Current CO2 concentration in the atmosphere

The Chinese Coal Monster

Euan Mearns has an excellent post up at The Oil Drum: Europe, The Chinese Coal Monster, which I highly recommend. The piece is, as you can guess from the title, a look at the statistics of China’s coal production and consumption, with what seems to be a good explanation for the rise of China’s coal imports even though they are self-sufficient.

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2 comments to The Chinese Coal Monster

  • Sasparilla

    Nice link Lou. Just looking at the trends there (Chinese use 50% of world supply now per year, use increasing 10% per year and using 10% of world exports), it would seem that we are heading towards a supply issue there much sooner than I expected/hoped.

    Looks like less than a decade after the punch we get from world oil production topping out, Coal will follow through with the second punch as world coal prices go through the roof.

    Its going to be a rough economic ride over the next decade or two. I don’t even want to imagine what this portends for CO2 emissions and the implications of that. Think the Chinese will burn out their usable reserves? (seems likely) Ugh.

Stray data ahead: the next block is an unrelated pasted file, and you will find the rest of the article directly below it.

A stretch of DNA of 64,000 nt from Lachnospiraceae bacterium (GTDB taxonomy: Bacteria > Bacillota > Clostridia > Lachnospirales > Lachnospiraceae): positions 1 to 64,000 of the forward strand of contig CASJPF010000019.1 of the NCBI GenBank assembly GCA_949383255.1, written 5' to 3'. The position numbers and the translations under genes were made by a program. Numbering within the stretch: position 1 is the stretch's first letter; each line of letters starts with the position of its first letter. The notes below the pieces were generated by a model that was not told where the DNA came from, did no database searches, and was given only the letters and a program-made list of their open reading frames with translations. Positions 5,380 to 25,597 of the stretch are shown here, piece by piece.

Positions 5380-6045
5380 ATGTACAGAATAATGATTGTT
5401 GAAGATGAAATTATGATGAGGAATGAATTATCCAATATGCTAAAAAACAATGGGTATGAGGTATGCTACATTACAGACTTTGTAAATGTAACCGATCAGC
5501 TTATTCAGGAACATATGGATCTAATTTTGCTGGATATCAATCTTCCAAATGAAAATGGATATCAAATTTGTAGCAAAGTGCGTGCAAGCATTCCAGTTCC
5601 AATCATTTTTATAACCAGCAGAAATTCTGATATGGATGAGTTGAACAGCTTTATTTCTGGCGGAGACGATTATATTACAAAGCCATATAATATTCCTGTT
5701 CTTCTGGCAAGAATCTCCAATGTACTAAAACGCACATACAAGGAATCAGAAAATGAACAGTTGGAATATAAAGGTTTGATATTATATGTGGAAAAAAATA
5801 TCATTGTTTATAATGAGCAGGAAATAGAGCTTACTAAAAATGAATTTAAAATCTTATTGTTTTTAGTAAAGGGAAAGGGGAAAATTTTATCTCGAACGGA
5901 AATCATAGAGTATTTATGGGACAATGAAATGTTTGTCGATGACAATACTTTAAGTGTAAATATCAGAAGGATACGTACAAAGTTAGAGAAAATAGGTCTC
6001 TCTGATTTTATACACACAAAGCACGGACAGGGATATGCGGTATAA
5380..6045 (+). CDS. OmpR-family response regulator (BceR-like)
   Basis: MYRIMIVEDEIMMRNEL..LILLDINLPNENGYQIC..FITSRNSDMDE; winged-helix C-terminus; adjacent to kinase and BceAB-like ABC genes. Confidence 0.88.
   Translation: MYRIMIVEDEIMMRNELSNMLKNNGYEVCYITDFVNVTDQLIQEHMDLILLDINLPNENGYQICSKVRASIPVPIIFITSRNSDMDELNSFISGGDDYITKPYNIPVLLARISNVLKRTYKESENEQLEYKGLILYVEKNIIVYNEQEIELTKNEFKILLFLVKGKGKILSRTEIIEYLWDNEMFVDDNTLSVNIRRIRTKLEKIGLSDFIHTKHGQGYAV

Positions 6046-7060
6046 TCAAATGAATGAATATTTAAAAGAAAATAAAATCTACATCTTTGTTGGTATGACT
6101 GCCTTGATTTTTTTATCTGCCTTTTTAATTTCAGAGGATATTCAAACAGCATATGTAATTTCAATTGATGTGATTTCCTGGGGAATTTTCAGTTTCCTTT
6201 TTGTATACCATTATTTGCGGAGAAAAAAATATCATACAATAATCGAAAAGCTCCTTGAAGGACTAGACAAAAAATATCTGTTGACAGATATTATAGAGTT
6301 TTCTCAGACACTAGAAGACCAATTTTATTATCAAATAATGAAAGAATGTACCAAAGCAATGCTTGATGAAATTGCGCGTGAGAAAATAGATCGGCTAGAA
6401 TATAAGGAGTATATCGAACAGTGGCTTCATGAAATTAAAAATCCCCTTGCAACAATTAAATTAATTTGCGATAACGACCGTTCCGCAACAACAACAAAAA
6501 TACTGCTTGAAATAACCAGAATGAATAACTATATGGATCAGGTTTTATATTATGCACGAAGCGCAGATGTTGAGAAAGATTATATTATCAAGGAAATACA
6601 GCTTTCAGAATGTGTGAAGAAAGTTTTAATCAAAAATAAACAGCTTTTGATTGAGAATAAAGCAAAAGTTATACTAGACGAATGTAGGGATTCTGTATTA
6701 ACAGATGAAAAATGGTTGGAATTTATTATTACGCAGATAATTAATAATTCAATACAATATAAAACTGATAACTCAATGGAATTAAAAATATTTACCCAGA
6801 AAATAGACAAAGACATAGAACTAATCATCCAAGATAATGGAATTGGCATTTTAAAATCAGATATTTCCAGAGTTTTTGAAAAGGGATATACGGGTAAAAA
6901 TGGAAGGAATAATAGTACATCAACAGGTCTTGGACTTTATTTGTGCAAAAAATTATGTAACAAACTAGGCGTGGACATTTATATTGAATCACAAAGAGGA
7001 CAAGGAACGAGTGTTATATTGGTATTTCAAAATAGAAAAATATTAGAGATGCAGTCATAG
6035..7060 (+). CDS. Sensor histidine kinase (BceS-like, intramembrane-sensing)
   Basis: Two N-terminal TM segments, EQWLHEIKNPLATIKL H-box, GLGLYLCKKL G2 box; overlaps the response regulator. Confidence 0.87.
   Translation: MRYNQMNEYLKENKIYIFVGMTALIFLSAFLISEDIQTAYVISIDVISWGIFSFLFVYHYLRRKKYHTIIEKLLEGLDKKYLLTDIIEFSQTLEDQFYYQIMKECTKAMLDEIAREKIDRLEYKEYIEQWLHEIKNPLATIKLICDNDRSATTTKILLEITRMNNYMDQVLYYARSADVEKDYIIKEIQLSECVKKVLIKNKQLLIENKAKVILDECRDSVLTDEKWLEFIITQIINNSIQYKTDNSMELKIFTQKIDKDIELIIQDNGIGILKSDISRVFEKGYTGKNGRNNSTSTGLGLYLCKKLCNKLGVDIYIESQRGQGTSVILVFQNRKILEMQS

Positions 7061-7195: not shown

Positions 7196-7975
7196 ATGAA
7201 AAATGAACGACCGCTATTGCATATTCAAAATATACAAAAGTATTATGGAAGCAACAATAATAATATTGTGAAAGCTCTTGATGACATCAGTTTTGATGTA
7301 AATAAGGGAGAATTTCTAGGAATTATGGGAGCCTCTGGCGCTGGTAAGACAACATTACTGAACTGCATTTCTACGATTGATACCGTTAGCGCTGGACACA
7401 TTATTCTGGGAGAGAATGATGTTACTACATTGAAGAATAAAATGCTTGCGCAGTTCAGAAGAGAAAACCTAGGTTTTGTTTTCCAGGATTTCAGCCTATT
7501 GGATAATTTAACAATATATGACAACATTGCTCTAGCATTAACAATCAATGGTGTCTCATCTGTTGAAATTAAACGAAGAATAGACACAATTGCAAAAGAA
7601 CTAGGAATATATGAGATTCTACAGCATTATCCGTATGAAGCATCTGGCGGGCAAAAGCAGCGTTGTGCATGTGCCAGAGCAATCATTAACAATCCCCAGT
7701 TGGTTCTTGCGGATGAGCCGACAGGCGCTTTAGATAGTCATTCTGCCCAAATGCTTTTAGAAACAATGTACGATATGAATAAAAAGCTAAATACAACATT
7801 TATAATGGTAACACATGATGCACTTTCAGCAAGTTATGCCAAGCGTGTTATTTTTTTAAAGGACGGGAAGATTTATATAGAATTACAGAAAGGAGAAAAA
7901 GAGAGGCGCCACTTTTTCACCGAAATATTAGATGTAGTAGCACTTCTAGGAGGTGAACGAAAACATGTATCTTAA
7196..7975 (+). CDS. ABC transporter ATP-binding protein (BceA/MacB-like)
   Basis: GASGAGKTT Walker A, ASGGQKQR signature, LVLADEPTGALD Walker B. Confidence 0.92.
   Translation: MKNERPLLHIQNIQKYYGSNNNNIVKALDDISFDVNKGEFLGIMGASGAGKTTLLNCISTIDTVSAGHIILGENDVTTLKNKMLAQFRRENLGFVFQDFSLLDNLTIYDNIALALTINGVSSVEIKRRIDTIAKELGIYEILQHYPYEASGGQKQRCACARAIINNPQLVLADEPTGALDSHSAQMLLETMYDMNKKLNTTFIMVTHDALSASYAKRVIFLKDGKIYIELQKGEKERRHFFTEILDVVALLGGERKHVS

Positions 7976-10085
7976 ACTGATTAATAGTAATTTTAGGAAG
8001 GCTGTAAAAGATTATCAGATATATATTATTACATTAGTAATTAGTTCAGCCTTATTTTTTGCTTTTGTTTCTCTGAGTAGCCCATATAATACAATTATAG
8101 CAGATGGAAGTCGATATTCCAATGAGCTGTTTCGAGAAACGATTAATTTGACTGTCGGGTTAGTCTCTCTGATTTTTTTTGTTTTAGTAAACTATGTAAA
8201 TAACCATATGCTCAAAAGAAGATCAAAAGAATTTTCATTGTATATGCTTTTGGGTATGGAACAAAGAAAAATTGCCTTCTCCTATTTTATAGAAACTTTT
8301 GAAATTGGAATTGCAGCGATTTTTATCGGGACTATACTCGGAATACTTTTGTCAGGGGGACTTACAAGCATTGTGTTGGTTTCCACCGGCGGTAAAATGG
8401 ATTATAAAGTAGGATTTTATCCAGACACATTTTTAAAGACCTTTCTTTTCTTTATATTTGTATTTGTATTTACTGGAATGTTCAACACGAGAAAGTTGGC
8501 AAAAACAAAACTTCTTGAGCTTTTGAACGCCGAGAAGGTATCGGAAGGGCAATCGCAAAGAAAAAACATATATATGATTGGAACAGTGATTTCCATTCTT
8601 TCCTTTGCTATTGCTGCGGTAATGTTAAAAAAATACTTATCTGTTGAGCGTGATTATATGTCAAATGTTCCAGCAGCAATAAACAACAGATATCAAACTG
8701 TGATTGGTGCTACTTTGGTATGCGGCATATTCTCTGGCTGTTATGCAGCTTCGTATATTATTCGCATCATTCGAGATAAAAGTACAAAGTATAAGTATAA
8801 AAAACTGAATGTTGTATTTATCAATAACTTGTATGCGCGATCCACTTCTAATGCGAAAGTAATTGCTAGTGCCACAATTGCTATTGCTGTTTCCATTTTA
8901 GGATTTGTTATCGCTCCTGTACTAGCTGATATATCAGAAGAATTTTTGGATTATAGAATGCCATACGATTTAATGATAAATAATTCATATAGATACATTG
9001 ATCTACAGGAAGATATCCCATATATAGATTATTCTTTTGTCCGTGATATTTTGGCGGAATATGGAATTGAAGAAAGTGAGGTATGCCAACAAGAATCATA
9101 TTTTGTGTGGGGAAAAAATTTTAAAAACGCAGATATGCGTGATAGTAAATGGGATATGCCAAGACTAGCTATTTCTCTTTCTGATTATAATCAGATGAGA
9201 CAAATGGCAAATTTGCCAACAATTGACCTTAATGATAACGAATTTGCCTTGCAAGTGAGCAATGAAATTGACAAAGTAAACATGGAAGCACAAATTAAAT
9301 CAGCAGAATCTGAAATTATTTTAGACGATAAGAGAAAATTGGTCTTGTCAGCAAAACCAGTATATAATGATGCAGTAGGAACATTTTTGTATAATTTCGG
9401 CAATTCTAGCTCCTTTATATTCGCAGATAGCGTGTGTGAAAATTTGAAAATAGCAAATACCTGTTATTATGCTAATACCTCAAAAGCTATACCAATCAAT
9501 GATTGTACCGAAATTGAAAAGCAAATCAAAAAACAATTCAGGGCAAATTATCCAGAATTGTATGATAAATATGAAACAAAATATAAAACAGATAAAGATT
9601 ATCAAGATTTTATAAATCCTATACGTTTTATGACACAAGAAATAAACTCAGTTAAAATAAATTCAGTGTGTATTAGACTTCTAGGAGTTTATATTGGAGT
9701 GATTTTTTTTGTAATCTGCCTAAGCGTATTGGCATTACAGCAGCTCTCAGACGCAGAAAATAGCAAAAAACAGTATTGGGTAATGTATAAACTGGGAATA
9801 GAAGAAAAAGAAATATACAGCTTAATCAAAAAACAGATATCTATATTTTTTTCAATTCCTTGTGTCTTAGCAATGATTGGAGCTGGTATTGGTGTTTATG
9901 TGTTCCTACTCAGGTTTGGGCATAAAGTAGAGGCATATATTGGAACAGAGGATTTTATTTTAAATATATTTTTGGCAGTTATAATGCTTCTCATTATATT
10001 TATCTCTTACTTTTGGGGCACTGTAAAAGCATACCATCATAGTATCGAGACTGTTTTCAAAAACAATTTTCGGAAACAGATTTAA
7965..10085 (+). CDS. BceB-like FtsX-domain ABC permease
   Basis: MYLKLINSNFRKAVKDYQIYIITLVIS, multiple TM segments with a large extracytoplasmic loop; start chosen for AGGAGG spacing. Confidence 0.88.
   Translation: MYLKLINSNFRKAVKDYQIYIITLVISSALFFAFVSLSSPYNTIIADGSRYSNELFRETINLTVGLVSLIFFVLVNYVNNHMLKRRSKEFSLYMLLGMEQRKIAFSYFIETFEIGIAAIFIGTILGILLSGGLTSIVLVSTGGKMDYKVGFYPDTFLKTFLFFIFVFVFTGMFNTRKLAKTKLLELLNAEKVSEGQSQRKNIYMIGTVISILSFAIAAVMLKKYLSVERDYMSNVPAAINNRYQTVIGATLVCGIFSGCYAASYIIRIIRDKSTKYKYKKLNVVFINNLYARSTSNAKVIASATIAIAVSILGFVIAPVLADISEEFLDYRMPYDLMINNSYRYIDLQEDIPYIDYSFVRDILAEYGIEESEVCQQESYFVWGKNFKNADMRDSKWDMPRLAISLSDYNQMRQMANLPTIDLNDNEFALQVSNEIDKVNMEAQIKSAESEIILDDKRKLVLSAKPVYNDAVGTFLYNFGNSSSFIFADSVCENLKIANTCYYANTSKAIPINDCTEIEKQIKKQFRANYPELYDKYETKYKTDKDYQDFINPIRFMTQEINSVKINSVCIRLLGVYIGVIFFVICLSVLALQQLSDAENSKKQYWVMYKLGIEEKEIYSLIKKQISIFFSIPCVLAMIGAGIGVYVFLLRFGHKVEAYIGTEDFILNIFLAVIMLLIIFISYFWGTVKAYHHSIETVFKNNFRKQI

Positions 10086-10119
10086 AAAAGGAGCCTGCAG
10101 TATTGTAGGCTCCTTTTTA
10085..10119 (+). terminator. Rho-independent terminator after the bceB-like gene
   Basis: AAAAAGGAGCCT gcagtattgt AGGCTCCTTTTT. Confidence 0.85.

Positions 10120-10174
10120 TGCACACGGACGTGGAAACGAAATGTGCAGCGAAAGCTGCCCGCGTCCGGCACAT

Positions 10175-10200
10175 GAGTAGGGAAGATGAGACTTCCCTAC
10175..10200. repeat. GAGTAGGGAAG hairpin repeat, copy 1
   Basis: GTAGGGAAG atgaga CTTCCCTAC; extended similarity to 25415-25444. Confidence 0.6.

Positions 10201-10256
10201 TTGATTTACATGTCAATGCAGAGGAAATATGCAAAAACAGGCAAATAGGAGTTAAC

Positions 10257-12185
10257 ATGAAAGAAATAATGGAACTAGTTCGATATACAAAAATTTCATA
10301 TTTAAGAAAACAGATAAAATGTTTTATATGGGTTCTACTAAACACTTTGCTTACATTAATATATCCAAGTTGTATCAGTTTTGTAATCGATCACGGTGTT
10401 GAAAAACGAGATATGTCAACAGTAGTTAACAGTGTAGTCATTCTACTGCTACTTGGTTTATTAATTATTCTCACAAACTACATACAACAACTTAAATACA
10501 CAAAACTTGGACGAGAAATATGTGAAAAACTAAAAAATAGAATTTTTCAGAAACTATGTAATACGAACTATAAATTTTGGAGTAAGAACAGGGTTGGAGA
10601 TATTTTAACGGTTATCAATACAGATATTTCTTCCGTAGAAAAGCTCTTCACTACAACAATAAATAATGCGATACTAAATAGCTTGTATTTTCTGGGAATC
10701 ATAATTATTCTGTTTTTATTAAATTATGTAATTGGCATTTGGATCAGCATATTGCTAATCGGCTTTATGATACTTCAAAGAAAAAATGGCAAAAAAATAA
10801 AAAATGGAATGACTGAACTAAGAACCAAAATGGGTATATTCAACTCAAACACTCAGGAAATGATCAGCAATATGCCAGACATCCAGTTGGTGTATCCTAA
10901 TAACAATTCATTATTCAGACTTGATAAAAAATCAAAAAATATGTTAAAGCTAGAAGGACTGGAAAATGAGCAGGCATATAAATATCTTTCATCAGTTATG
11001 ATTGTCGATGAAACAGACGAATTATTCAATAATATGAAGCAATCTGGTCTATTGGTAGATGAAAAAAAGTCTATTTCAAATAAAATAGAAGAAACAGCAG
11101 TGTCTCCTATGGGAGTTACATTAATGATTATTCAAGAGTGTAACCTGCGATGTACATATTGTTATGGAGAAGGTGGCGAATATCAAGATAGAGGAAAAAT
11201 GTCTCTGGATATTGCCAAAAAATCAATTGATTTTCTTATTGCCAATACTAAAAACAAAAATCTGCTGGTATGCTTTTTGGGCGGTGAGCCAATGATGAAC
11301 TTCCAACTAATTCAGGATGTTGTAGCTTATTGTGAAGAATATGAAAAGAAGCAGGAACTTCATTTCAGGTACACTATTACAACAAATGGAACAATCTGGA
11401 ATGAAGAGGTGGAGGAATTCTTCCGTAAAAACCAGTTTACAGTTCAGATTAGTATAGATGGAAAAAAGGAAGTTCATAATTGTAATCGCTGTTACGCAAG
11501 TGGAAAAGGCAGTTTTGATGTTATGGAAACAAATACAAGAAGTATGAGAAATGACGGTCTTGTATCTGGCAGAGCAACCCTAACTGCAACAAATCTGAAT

• Lou

    I’m also beginning to wonder where we (as in all of humanity) are headed in terms of coal. The current BP Statistical Review says world coal consumption increased by 45% from 1999 to 2009, while oil consumption rose by “only” 11% and natural gas consumption rose by 27%, both over the same time period. And then there are all the nagging doubts about how much recoverable coal there really is, as has been discussed several times in the last year or so over on The Oil Drum.

    I used to say on this site that we’ll burn just about every last drop of recoverable oil. That assessment was based on the simple, painful truth of how hard it is to de-oil modern economies. Oil is a phenomenally convenient fuel in terms of portability, energy density, and cost (as long as you count just the expense to pull it out of the ground, refine it, and then deliver the finished goods to consumers). It’s convenient, that is, until climate change and peak oil become issues. I’m now beginning to wonder how close we’ll get to burning every last lump of coal, as well…